I don’t suggest we simply take users and drop them in the middle of the forest to fend for themselves. However, hard times lay ahead whether we do nothing and wait, or try to do something. It won’t happen unless more users are up for an adventure, for trying new things, for taking an initiative (just not the Open Source Initiative, please).

Users are the only people who are qualified for some of this stuff. And it’s hard to find devs who haven’t sold out already.

But you’re not alone, in fact, we are — relatively speaking, there aren’t enough of us yet. And when there are, we aren’t going to agree on everything. So we need a way to disagree on some things and still make progress on the important things.

“truth-telling is important, but the message seems to be we’re f*cked, sort it yourself”

You seem to already be as disillusioned with the FSF as I am. Consider the possibility that what I was going for isn’t “it’s up to *you*” but rather up to *us* (and you…) not up to the people who say “Support The FSF! Join Today!” Because the latter is indeed hopeless. I think you said so yourself.

However, to put it that would be even more negative. Maybe it would be clearer though…

“we’re all depressed and fed up, yes, ms buying github and red hat selling out, is really crap, but is the only solution ultimately offline?”

I was hoping for groups both online and offline — like websites and usergroups. I mean, it doesn’t have to be websites and usergroups, but that’s what I think of.

Usergroups were created to help people become familiar with stuff that now so many people are familiar with. In that regard, they may not be as popular as they were before (or perhaps they are. I’ve only been to one).

There is a lot of unfamiliar territory ahead. We have much more to tend to than what’s become mainstream.

“nothing personal, just really concerned and hope something constructive can emerge.”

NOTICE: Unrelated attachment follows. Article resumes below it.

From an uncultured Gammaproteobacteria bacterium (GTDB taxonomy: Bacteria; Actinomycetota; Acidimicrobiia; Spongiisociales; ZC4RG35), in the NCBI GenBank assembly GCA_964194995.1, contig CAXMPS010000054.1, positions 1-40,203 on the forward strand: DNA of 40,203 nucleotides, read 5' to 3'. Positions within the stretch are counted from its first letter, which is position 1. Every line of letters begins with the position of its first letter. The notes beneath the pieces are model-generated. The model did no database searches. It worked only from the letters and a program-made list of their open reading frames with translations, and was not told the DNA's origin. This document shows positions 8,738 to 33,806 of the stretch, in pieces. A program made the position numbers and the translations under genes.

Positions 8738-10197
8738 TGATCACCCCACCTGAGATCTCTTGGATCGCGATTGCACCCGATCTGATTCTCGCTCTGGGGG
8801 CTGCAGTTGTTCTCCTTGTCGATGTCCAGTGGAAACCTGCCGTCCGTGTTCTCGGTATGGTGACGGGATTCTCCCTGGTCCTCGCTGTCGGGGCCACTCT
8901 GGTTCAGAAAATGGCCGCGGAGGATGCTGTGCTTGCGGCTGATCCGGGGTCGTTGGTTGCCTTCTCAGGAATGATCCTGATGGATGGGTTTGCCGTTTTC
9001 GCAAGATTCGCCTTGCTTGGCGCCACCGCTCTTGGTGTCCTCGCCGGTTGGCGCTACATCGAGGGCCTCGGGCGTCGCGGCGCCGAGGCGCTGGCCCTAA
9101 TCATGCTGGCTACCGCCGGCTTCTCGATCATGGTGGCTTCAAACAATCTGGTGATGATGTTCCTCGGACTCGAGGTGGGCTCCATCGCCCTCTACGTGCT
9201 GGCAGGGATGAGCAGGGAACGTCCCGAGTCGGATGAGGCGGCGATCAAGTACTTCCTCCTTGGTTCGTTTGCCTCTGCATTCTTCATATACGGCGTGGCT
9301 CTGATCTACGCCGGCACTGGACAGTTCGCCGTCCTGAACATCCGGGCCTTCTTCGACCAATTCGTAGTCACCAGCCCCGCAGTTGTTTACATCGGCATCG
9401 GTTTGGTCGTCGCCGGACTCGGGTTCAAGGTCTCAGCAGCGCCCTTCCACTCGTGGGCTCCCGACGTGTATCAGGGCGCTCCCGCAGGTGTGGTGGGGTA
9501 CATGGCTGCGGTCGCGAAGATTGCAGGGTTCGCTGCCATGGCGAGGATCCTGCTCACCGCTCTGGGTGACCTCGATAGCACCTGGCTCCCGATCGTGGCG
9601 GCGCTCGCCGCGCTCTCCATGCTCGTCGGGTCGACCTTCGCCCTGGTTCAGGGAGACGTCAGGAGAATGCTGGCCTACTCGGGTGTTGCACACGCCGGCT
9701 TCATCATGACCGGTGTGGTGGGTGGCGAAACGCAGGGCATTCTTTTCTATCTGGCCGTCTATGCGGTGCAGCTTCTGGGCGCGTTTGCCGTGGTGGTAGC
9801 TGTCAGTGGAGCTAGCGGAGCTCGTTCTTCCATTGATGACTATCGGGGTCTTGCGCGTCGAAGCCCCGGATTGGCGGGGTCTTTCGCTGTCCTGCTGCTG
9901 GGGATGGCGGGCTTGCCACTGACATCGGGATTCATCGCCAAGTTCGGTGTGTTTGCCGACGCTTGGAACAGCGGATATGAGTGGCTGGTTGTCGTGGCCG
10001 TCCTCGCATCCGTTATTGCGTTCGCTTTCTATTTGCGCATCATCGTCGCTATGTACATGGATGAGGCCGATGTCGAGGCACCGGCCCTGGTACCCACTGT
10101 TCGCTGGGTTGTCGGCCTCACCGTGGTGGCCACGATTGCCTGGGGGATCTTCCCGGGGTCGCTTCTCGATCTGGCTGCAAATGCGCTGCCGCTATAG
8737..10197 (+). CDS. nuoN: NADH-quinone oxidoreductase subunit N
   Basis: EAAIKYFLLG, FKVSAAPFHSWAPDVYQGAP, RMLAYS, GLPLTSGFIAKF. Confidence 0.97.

That’s exactly what I would say to you, sincerely:

Nothing personal, just really concerned and hope something constructive can emerge.

Long live rms, and Happy Hacking.

(You didn’t have to read the whole thing, by the way. You could have even used grep — or CTRL-F, or hit PgDn a random number of times, although Mozilla… you know what they’re like).

Better Privacy Than Pretty Good Privacy

Posted in Site News at 9:15 am by Dr. Roy Schestowitz

Sequoia PGP

Summary: We’re getting into distributed-as-in-decentralised and encryption-enabled page distribution; we’re also likely to be adopting Sequoia-PGP over time

THE importance of privacy is closely connected to the value of autonomy; we wrote about the EPO‘s privacy violations just moments ago. Privacy is essential for journalism, for union activity, for whistleblowers etc. No secure communication, no confidence to leak. No confidentiality, no coordination among aggrieved staff. But this post isn’t about the EPO. Coming up next/tomorrow in the “Inside the EPO During Corona” series we get to the ‘beef’ of the dispute; litigation may be next and then there’s client ‘privileged communication’ factored in as well. Few lawyers actually bother with encryption, so it’s a false promise.

Home old workplaceAt the moment the workers of the EPO have lots of spying deployed on their home computers by António Campinos; it’s worse than Benoît Battistelli with his surprise doctor visits. Is there “nowhere [left] to hide”?

“…we wish to maintain our 100% source protection record for a long time to come.”Either way, at the moment we work on a bunch of important things, including server migration, IPFS (for distributed circulation, more resistant to censorship), plain text IRC logs, and improved privacy. For IPFS we exclusively use a Raspberry Pi 4 with Debian on it. As it turns out, it can also be leveraged for better encryption, air-gapped and all… (my main workstation is always isolated from all other machines and has a minimal set of software installed)

We recently looked into Sequoia. “I think the safest practice anyone can do right now is to slowly start migrating to Sequioa and using air-gapped machines to do crypto operations,” as associate wrote. “I’m looking into an idea I’ve had for a while which I’ll explore some time in the next few months (when I actually have the time to work on it).”

As Bruce Schneier put it 11 years ago:

“Privacy protects us from abuses by those in power, even if we’re doing nothing wrong at the time of surveillance.”

What’s posted in IRC is generally not private (or gets redacted/anonymised, usually just anonymised). But when it comes to communication with whistleblowers we are always trying to improve; we wish to maintain our 100% source protection record for a long time to come.

Inside the EPO During Corona: The EPO is Violating Workers’/Stakeholders’ Privacy and Breaking Data Protection Law (Again)

Posted in Europe, Patents at 8:16 am by Dr. Roy Schestowitz

Organised crime with a boardroom table is still a crime. Why does the EPO enjoy immunity and why does it exercise/conduct illegal behaviour with complete impunity?